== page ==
We launched in India on television with a value-added service that brought short films to Indian audiences and we've had great success over the last 18 months. We have just started rolling out on mobile devices and I think we will see an enormous uptake as we start reaching from device to device since shorts work on every platform. You can enjoy them as a kind of a film festival experience when watched on television. On mobiles, they are available for you wherever and whenever you want to watch them. We have started testing and rolling out direct-to-consumer models in India and outside of India.

What kind of deals are you stitching with distribution platforms?
We are doing every kind of deal including flat fees and revenue share. One of the great things about the Indian market right now is that it's wide open and everyone is experimenting. Tata Sky is trying one model, Airtel is trying another, and Dish TV is doing something else. Xiaomi is doing one thing and Amazon is doing something different altogether. We're working with everybody and we're trying out many different models.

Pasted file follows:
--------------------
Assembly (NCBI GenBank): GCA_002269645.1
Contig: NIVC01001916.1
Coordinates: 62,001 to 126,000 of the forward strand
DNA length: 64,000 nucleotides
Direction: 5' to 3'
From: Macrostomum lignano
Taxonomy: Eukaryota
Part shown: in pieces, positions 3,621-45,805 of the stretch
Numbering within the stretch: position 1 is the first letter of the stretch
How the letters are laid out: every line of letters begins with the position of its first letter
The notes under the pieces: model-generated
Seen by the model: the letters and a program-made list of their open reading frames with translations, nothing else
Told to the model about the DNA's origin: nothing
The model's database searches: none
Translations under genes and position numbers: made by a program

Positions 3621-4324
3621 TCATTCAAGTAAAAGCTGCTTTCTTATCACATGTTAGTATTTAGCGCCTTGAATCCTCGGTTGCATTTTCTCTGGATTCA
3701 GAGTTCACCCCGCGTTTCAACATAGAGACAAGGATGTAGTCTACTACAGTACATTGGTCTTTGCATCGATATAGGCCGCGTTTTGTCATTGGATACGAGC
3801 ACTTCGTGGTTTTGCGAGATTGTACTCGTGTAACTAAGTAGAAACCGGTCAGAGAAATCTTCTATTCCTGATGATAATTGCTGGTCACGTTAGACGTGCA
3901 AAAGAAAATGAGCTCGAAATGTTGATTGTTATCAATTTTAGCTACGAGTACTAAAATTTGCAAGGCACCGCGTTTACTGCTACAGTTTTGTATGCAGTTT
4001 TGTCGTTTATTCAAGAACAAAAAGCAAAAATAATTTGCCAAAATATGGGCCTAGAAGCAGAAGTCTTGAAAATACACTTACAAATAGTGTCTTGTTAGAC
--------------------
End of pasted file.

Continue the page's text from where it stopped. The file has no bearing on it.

How much India-specific content do you have in your library?

We have an enormous and growing library of some of the best Indian short movies that exist. We have also started building our catalogue of regional films from across territories including Marathi, Bengali, Kannada, Telugu, Tamil among others. The other reason our catalogue is growing is that we have seen a lot of submissions to our Best of India Short Film Festival. We have seen some great shorts being submitted for Oscar consideration. This year our winning short film was Natkhat featuring Vidya Balan and produced by Ronnie Screwvala and it fought right there with some of the other best movies globally. We are exceptionally thrilled at the quality of Indian filmmaking and the way it is changing quickly. At the speed our catalogue is growing, our only goal is to bring to audiences really great movies and Indian shorts are increasingly getting the magic formula of filmmaking correct and attracting audiences all across the world.